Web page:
Stream long enough, and you become mercurial. Either that, or you watch the passion you once felt for your favorite game slowly fade into a hazy silhouette of duty. Over the past few weeks, big streamers who helped turn Grand Theft Auto V role-playing into a Twitch phenomenon have started to burn out even as the overall scene keeps going strong.
It’s one thing to simply stream a game. It’s another to role-play in it—to pretend to be a character of your own imagining and to remain in-character at all times, no matter what glitchy oddities might arise. That’s the central appeal of No Pixel, a popular Grand Theft Auto V role-playing server that’s modded out the wazoo to enable interesting, trashy, and downright bizarre narratives.
Earlier this year, it leaped to the forefront of Twitch thanks to interest from big streamers like Chance “Sodapoppin” Morris, Jaryd “Summit1g” Lazar, and Saqib “Lirik” Zahid, each of whom have millions of followers. This was not the first time GTA V RP had become a hot commodity on Twitch, but this was by far its biggest growth spurt, with roughly a dozen big streamers joining the fray for at least a handful of days a piece, playing as cops, criminals, aspiring rappers, and more. Together, they knitted together the disparate appeals of interconnected cinematic universes, personality-driven content, and of course, trash. It wasn’t long before GTA V was in league with Fortnite, surpassing it in terms of raw viewership on good days.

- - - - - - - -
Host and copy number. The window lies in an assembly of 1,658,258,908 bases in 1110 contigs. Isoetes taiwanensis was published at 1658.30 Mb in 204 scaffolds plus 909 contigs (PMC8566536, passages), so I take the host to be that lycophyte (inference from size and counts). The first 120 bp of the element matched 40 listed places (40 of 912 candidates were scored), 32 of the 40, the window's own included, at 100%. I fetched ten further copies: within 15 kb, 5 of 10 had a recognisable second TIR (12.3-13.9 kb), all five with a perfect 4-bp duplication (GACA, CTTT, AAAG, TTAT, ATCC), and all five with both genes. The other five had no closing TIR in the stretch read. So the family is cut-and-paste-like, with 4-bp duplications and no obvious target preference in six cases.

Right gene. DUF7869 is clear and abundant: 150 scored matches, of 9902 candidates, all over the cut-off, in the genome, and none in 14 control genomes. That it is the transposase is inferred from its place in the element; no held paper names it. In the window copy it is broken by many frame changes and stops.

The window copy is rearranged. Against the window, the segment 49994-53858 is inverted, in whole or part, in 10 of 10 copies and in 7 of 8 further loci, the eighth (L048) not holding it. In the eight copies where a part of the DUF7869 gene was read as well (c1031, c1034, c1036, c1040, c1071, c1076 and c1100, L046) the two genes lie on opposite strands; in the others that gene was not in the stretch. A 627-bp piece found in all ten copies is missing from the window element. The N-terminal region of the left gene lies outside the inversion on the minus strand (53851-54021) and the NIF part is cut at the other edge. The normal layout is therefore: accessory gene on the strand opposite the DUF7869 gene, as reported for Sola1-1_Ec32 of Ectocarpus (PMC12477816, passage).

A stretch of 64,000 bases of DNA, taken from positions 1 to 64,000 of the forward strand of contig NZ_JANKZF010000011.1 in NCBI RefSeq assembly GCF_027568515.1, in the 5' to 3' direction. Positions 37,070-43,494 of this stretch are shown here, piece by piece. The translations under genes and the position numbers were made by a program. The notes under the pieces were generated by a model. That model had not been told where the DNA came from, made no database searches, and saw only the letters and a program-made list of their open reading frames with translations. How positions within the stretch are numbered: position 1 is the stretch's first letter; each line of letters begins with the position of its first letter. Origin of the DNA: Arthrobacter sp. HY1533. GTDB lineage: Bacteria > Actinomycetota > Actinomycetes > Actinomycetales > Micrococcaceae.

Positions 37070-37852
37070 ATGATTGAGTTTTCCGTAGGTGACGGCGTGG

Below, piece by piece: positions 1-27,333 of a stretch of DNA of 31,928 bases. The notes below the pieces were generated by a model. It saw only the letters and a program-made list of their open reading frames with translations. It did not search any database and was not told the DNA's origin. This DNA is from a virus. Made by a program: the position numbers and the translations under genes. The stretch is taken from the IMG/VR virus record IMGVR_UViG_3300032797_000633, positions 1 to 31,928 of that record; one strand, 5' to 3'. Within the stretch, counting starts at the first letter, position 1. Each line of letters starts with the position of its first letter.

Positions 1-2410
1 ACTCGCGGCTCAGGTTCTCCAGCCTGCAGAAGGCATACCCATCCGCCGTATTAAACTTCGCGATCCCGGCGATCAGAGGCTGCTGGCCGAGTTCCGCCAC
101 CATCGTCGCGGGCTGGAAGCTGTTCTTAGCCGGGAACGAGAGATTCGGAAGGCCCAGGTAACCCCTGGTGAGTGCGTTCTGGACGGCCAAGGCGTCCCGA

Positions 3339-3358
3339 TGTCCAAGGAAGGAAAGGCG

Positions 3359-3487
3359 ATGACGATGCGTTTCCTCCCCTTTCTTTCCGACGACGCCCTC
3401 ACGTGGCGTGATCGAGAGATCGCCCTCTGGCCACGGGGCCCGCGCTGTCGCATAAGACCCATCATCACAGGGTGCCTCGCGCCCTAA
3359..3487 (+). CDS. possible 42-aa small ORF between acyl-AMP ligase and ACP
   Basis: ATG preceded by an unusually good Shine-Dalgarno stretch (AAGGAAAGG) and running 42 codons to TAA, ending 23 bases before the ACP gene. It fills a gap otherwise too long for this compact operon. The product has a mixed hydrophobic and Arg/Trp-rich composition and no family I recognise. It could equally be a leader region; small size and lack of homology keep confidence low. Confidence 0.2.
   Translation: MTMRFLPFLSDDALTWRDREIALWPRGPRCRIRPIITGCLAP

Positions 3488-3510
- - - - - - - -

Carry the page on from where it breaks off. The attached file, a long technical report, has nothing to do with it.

Many previously popular streamers dropped out as quickly as they dropped in, but folks like Sodapoppin, Summit, and Lirik stuck around, turning GTA RP into their main game. However, as of the past couple weeks, all three have abandoned their stomping grounds in Crime City, USA, seemingly with no plans to return. Sodapoppin was the first to go, abruptly retiring his character, Kevin, the remarkably entertaining average dude who just wanted to make an honest living while all his friends coincidentally kept getting arrested, toward the middle of last month.